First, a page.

Late Bloomers, Size XLL



Just when you thought you understood. Research from the University of Pennsylvania and Carleton University published by the Bureau of Economic Research and sponsored by the National Institute on Aging, shows a disturbing trend: We of the boomer ilk are likely aging in worse health than our parents. We, the “vibrant” generation, less healthy than our parents who speared hunks of bread into hot cheese in the fondue pot?

It’s true. The report’s data reveal that we in our fifties are having more difficulty climbing stairs and doing other routine activities. As well, we are reporting more chronic problems such as high cholesterol, blood pressure and diabetes.

The researchers compared the self-reported health of 20,000 people in three groups, ages 66 to 71, 60 to 65 and ages 54 to 59. The survey began in 1992 and draws from survey respondents’ answers to questions about their health when they were 51 and 56.

The study was performed across a timeline long enough to show that there had been a dramatic decline in disability in the last two decades. Researchers noted, however, that given the new data, that decline could be in jeopardy as boomers age further. There’s the expected shortage of health-care workers to manage the crisis. In addition, the Medicare system could be drained. Not huge news but something to consider as we ponder how time did not actually stand still for us as we had planned.

What’s changed?

It’s complicated. For one thing, along with TV came TV dinners and the whole prepackaged food and fast-food industry. This is one of the major reasons health experts believe Americans are getting fatter. We are also working more, sleeping less, are in more debt and exercising less than our parents, the study states. And we have less extended family and, consequently, less emotional support.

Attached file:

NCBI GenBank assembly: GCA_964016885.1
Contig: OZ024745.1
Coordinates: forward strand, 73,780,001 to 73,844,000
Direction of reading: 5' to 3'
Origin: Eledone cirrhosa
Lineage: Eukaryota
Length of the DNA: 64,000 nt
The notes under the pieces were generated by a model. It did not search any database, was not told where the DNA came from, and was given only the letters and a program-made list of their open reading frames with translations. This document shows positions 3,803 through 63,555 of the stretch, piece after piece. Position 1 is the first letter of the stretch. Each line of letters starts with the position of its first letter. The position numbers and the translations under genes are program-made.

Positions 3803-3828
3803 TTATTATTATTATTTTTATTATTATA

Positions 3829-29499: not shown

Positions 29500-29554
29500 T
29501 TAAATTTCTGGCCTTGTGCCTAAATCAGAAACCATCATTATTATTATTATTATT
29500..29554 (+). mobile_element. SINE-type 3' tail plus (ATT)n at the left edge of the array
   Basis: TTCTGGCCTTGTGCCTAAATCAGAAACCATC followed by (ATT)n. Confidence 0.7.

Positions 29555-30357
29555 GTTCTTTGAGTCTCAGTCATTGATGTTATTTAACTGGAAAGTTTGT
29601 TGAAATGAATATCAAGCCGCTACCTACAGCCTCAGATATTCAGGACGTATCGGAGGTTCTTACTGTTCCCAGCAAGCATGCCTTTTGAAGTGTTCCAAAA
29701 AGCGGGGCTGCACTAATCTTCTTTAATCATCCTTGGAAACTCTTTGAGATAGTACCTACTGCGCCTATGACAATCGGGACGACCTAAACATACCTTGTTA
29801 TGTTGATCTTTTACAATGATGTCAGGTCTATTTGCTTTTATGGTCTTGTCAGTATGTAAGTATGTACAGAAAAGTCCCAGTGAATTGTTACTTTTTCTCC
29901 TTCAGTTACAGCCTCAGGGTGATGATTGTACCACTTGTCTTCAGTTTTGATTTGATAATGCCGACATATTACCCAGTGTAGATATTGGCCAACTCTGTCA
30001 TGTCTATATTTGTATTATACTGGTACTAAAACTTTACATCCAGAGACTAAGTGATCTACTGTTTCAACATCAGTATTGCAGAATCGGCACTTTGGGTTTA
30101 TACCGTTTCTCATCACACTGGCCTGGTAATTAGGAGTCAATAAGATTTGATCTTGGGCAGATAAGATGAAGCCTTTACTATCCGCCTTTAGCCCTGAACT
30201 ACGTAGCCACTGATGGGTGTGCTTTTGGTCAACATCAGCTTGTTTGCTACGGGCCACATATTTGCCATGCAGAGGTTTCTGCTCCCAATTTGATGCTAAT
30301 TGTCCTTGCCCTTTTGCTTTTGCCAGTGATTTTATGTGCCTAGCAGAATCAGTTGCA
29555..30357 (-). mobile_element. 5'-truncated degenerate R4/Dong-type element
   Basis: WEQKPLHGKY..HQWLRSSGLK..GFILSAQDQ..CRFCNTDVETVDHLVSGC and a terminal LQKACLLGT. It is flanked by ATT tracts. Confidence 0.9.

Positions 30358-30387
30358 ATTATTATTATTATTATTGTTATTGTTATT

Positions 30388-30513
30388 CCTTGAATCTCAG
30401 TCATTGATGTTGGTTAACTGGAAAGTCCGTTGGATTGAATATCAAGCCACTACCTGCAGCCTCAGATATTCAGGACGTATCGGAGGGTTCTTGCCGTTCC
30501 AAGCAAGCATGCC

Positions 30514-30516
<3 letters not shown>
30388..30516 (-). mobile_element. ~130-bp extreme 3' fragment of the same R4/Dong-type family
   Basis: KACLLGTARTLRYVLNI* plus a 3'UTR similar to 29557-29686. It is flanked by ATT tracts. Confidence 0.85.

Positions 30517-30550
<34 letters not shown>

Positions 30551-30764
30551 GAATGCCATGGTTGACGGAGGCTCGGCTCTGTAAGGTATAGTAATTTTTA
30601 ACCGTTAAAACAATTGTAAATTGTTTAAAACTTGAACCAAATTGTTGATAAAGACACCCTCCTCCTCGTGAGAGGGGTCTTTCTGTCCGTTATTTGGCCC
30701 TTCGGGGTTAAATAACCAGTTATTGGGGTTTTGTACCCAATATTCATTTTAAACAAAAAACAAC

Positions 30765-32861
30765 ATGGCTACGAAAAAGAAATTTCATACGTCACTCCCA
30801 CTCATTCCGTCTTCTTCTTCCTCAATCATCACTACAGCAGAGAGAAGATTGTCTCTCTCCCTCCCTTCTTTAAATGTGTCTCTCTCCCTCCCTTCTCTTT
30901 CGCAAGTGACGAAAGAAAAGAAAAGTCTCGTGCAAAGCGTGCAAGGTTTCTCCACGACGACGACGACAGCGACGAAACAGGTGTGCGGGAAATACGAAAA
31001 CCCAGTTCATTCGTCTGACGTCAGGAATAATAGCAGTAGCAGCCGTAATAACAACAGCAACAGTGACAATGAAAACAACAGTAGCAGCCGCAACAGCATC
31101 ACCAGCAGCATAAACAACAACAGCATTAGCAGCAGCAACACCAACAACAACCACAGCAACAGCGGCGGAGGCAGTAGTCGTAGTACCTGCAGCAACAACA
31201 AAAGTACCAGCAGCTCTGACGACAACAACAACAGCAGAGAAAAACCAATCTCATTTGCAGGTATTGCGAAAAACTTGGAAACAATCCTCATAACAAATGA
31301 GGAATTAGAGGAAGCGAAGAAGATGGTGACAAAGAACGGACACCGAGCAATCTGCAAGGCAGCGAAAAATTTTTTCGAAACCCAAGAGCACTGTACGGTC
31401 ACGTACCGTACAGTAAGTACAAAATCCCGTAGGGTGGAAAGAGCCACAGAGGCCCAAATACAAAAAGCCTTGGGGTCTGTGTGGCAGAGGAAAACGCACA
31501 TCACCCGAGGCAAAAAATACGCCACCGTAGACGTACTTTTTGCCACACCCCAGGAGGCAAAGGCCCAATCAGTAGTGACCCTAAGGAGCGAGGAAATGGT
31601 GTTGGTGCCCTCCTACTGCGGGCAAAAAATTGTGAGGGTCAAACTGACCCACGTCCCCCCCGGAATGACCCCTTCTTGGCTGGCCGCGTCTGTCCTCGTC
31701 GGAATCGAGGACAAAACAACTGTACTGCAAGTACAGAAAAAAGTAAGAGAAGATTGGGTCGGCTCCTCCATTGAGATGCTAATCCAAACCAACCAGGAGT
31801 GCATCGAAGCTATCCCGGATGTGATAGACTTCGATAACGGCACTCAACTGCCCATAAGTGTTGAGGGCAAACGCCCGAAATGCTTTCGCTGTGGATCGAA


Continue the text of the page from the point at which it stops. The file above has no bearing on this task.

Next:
Also, baby boomers may have higher expectations of their later years. Because we are more in touch (more “evolved” some might say) we may just be acutely aware that we are not in the best of health or that we are not aging as gracefully as we thought we would have. Consequently, we could more willing to complain about aches and pains than our parents.

We may better understand the basics of health …
But that still doesn’t mean we heed what we know. The data show fewer numbers of us smoke than those of our parents’ generation. But we certainly did not escape the obesity epidemic — nearly two-thirds of Americans are overweight — even though this generation is well aware of things like good and bad fats and the perils of highly-refined foods.

“The current and expanding epidemic of obesity and the metabolic syndrome has fueled an increase in cardiovascular disease,” says ReZoom’s health and wellness expert. Dr. Mark Houston. “The insulin resistant state is characterized by obesity, hypertension, glucose intolerance and other manifestations.”

… todays pre-retirees could reach retirement age in worse shape than their predecessors, with individuals potentially in poorer health than current retirees and possibly increasing health care costs for society.
– the NBER study.

So even though we act as if we care about our health, many of us are having a hard time getting off the couch and pulling the dusty kayak out of the garage. Apparently, despite all those gym memberships less of us are showing up. Add this to a daily desk routine where email has eliminated walking down the hall, and the modern lifestyle looks grimmer.

The report tracks earlier studies that do suggest that the obesity epidemic is, in fact, driving higher rates of diabetes, heart disease and hypertension. Those extra pounds may be making our joints wear out more quickly and raising our cholesterol levels and blood pressure.

Reason for pause
Boomers tended to report more stress overall than earlier generations — from jobs, commutes, taking care of aging parents as well as their children. All of the stress is taking a toll. In the study, boomers were considerably less likely than their predecessors to describe their health as “excellent” or “very good.” They were also more likely to report drinking and psychiatric problems.

There is much to be made of the results of the study and what it means for our futures. Is it a wake-up call for us to take stock? And if we don’t, will it be a call to arms by the generation beneath us who will have to hold us up, literally and financially?


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